I don't know where I'm going with this other than to be amazed by the huge volume of raw materials and product that's basically been dumped onto the market for so many years; now the bill has come due but nobody knows how to pay it. I think our parents and grandparents who lived through the Depression would be ashamed and horrified by our lifestyle, even if you don't live extravagantly. I know I throw away a lot of stuff and just replace it (I lose patience and trash a weed whacker about every year, for instance), so I'm not innocent, either. Maybe all this will make us all stop and reconsider how we live and our consume-consume-consume lifestyle.

 

Sorry, I don't know what I mean. I'm feeling particularly glum today. Carry on.

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It seems that some here do not realize there are at least three different automobile auction venues.

1) Many know about the collector car auctions (BJ, RM, etc.). This is where well lubicated cusomers are heckled into bid (would be consided assault in some states).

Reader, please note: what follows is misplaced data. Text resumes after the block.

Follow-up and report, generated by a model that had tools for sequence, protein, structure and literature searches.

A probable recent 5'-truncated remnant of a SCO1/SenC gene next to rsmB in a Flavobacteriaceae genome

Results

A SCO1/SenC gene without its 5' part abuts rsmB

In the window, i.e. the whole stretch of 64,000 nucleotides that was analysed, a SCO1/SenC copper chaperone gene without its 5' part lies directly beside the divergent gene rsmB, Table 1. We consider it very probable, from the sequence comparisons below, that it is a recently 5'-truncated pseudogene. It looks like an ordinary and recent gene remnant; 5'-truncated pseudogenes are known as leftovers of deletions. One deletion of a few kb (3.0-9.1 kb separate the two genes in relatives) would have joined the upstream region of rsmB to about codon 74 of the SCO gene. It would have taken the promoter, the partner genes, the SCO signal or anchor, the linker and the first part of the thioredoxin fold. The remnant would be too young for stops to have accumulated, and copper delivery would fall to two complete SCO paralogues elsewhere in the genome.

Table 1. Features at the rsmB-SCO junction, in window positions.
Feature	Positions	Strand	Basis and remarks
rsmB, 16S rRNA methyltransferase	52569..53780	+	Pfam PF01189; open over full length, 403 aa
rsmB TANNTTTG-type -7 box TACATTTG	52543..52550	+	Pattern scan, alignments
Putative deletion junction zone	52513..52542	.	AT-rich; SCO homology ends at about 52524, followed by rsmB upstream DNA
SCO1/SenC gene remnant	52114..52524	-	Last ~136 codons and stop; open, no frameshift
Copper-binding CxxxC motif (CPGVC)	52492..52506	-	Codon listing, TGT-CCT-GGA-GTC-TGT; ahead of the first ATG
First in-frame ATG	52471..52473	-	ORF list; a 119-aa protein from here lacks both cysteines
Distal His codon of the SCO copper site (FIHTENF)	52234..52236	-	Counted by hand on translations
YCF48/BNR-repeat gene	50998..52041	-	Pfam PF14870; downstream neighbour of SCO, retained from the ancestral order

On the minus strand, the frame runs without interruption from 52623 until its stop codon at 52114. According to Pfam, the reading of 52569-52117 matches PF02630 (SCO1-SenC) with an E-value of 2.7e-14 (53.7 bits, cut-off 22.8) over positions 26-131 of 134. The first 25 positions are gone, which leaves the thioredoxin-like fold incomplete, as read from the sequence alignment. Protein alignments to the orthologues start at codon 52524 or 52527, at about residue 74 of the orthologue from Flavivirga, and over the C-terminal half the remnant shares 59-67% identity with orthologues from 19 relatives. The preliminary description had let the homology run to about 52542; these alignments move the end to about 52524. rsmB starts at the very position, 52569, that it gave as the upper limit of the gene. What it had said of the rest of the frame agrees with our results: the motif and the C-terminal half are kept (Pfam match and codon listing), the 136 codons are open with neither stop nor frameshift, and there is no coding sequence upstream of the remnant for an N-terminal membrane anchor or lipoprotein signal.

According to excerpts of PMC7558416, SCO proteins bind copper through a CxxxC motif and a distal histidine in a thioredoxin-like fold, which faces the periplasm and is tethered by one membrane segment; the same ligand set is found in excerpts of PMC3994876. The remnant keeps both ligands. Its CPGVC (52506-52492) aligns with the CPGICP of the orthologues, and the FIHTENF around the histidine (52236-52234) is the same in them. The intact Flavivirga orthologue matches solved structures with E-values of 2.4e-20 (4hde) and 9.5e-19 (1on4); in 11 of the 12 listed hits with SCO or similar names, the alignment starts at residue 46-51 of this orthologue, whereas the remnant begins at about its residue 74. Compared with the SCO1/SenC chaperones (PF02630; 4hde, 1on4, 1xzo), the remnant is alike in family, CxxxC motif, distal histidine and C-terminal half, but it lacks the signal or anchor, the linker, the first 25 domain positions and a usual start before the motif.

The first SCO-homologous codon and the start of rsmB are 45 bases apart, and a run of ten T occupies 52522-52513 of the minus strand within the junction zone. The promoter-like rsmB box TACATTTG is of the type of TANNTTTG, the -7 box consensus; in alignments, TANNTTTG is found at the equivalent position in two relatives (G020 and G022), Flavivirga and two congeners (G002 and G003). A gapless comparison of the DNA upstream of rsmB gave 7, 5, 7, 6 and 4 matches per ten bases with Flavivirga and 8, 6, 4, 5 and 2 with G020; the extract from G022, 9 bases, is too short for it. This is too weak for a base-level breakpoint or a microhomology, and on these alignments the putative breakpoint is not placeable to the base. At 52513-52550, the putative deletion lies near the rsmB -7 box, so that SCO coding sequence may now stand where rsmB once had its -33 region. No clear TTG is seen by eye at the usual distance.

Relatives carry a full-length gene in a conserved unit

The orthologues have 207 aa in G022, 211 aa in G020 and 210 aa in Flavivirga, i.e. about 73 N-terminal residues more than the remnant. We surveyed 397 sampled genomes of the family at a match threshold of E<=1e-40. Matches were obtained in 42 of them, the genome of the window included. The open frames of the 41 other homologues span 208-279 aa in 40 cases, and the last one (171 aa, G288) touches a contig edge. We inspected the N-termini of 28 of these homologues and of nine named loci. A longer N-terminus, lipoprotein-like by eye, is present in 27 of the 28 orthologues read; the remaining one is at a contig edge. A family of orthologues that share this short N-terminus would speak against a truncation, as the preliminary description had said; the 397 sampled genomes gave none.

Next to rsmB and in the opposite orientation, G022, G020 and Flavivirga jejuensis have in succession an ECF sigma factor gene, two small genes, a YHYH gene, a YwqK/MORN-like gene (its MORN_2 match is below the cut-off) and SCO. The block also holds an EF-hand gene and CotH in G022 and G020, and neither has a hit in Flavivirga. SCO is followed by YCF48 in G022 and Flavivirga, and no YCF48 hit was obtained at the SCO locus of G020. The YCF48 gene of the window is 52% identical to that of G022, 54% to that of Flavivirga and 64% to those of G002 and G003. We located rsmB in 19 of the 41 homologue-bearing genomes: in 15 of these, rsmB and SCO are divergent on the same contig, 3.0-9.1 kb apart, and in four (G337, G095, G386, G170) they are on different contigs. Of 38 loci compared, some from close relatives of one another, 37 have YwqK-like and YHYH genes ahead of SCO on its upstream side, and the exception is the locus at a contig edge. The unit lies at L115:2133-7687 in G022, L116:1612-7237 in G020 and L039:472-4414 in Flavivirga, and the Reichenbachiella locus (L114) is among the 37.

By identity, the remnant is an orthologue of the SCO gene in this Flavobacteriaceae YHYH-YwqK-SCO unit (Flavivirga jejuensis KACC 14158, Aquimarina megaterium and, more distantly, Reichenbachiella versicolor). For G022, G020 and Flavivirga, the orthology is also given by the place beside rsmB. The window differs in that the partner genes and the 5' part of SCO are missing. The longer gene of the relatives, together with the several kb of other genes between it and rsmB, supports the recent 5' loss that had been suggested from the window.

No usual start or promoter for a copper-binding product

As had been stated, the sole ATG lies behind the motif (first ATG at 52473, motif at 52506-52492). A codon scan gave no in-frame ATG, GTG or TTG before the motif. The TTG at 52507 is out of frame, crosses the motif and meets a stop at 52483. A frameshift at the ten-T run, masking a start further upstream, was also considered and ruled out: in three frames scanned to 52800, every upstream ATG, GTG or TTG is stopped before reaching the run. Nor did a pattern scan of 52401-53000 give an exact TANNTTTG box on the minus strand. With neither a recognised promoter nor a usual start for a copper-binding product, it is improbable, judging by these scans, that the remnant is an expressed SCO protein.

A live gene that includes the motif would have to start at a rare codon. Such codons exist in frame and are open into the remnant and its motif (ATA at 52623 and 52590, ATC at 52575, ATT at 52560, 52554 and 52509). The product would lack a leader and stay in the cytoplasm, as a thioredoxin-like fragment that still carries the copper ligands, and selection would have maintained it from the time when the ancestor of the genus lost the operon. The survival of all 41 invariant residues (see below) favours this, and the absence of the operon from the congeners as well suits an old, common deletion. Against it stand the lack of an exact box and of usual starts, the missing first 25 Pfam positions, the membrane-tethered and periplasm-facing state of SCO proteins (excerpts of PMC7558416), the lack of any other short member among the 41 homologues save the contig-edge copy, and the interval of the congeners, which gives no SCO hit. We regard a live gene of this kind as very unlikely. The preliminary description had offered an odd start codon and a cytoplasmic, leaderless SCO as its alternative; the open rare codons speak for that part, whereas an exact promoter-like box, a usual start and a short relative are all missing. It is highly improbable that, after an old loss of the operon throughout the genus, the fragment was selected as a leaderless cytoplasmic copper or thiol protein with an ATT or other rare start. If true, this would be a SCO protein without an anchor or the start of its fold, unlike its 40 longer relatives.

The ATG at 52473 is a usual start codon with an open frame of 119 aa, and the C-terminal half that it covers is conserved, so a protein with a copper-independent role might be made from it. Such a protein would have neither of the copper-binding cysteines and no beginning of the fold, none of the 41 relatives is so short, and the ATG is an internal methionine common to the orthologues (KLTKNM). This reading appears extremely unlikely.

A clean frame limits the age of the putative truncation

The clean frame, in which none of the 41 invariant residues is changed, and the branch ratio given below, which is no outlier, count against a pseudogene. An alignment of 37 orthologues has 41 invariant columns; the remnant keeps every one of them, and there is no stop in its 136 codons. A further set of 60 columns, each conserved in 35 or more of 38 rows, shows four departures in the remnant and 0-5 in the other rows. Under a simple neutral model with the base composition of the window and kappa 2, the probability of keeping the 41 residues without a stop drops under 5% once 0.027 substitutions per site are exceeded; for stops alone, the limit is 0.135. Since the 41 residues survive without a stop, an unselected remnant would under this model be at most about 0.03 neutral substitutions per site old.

2) Dealer auctions: these often have ginormous numbers of common cars that have been "wholesaled out". Rentals often show up here.

3) Specialty auctions like our local Sheriff's auction where old police and impound cars are auctioned off. These often have the lowest prices & sometimes have an interesting car.

These are in order of increasing speed and decreasing hype.

And then there is e-Bay and the online ilk.

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My 401k is bouncing also, not concerned now just wonder where it will be in December. Prolly for the first time, being on a fixed income is not all bad.

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1 hour ago, padgett said:

My 401k is bouncing also, not concerned now just wonder where it will be in December. Prolly for the first time, being on a fixed income is not all bad.

 

I don't even look at my statement, I shred it when it comes. When hyperinflation kicks in [and it has to I will put all my money in a 5 or 7 year CD at the bank. I remember 1980 when interest paid by banks was about 17% and I believe that day is coming again. That will be when I pull out of the stock market forever. At age 63 my plans are to work another 5-7 years as I work in a low stress, no physical labor industry..

 

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Bought my house in '85 and was 12.75% then. Now have a 3% fixed mortgage mainly as a hedge against inflation. Have not understood why not already in hyperinflation but suspect the current downturn will prevent much of a change.